Creating a program that makes sense for your families, agency, or your children is the best place to start. Knowing the barriers that may impact those wanting to attend outdoor programs will help you create an inviting, supportive and fun environment. Starting with a plan, a timeline, and your goals will help you and your families enjoy every minute you have outside… No matter the weather!
If you’d like, please use any of the documents below to help plan your outdoor play program. Before you do, please check out some of our suggestions below!
Where we like to Start
If you have an interest from your families and support from your staff, it’s great to start thinking about location. At your location, it is important to keep in the mind the following:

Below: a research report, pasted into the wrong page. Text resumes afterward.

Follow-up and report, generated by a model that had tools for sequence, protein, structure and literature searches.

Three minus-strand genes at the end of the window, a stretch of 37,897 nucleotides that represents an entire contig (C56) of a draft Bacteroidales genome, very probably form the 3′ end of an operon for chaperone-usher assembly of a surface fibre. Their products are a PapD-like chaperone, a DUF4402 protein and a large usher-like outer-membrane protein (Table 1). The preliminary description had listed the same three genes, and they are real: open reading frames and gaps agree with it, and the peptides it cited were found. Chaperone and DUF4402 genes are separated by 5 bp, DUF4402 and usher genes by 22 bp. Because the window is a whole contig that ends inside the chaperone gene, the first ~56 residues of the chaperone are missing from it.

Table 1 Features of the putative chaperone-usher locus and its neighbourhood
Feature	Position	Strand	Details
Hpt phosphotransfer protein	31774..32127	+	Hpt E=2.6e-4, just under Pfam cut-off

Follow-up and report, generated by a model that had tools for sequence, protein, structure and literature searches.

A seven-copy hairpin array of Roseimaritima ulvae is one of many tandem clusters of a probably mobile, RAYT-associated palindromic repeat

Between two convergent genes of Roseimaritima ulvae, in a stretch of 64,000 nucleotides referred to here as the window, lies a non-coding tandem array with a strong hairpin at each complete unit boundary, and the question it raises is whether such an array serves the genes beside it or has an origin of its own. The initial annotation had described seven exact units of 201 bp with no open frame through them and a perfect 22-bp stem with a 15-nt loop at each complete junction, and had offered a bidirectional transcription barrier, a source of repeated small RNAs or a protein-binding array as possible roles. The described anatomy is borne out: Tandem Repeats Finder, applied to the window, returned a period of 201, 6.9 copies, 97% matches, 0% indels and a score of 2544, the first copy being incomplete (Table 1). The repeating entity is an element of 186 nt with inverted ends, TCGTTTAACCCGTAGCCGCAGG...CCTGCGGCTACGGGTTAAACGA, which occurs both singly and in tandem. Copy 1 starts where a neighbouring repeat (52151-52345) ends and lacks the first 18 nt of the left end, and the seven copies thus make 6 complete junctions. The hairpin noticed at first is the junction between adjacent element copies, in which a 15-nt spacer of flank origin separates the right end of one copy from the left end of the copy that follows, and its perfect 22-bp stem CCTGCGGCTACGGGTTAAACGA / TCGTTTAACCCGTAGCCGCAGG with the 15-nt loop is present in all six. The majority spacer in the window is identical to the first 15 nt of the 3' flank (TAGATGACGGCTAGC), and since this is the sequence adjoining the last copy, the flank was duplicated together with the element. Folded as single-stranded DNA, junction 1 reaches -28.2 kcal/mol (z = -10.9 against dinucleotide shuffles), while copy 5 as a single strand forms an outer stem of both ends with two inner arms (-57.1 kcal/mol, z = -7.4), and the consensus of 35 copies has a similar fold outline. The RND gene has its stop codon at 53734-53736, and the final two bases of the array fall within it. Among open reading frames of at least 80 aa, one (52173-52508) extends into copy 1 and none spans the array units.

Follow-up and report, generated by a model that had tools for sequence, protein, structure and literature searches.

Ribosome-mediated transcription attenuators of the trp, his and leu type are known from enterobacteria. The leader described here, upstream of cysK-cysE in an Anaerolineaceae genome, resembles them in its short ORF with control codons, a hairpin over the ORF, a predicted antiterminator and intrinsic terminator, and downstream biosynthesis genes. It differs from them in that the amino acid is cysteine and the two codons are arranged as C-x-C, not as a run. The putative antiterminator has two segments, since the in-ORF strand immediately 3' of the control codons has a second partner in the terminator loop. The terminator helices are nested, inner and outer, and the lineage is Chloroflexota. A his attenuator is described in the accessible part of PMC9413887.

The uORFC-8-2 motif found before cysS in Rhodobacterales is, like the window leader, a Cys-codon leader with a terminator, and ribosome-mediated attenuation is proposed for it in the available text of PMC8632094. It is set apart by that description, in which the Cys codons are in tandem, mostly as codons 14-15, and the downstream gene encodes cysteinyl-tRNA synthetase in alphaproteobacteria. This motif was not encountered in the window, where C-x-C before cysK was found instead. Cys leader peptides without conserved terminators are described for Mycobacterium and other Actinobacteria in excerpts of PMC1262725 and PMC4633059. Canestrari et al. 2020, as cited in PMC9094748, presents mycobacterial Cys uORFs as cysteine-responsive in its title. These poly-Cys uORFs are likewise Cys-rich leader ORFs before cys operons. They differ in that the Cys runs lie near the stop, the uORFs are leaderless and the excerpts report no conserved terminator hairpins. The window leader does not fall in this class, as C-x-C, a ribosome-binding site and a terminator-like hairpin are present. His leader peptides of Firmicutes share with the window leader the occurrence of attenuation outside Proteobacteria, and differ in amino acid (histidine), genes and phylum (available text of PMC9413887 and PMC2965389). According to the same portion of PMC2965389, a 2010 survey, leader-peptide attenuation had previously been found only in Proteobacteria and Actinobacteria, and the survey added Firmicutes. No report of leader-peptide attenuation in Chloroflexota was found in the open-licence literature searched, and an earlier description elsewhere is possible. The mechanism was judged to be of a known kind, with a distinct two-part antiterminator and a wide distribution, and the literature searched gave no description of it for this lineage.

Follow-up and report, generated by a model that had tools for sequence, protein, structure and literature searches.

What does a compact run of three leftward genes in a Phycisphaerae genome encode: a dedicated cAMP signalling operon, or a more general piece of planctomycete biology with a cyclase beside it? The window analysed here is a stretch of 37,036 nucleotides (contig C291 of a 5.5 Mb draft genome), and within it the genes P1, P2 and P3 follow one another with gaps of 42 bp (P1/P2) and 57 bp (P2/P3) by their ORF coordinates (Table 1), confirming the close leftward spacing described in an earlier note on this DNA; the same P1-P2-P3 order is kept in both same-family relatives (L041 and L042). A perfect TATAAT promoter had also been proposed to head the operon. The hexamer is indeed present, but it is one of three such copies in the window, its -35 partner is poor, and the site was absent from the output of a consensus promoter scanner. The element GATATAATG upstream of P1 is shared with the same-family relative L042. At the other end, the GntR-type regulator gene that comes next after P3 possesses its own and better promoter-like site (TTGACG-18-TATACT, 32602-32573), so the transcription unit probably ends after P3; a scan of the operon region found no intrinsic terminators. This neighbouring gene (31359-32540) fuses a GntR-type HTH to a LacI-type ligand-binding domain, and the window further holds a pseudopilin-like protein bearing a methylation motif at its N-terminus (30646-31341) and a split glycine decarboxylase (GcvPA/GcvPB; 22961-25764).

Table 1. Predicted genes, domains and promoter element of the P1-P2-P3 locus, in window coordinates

- Accessible washroom
- Space to warm up/cool down
- Permission to use outdoor space
In the warmer months, washrooms at parks are typically open to the public. It is important to confirm these hours and dates prior to starting your program. In the cooler months, it’s a great idea to connect with community centres if you’re running the program in Winnipeg’s downtown.
There are some important supplies you can use to enhance your outdoor play program beyond the loose parts, shovels, and rain boots you may provide. It is important to think about the comfort of your families, in the same way you would at your centre.
No matter the season you are running the program, the following is a useful list for preparing for your program:
- Water and/or snack station (cups, water jug, napkins)
- Tarps/blankets for sitting and taking a break
- Hand washing station
- Wagons and bins to transport your supplies
- Transportable fire pit (with fire permit, if allowed)
- Additional warm clothing (tuques, scarves, mittens)
- Sunscreen, extra hats
- Sign in sheets (if with a daycare – documents/emergency contact info)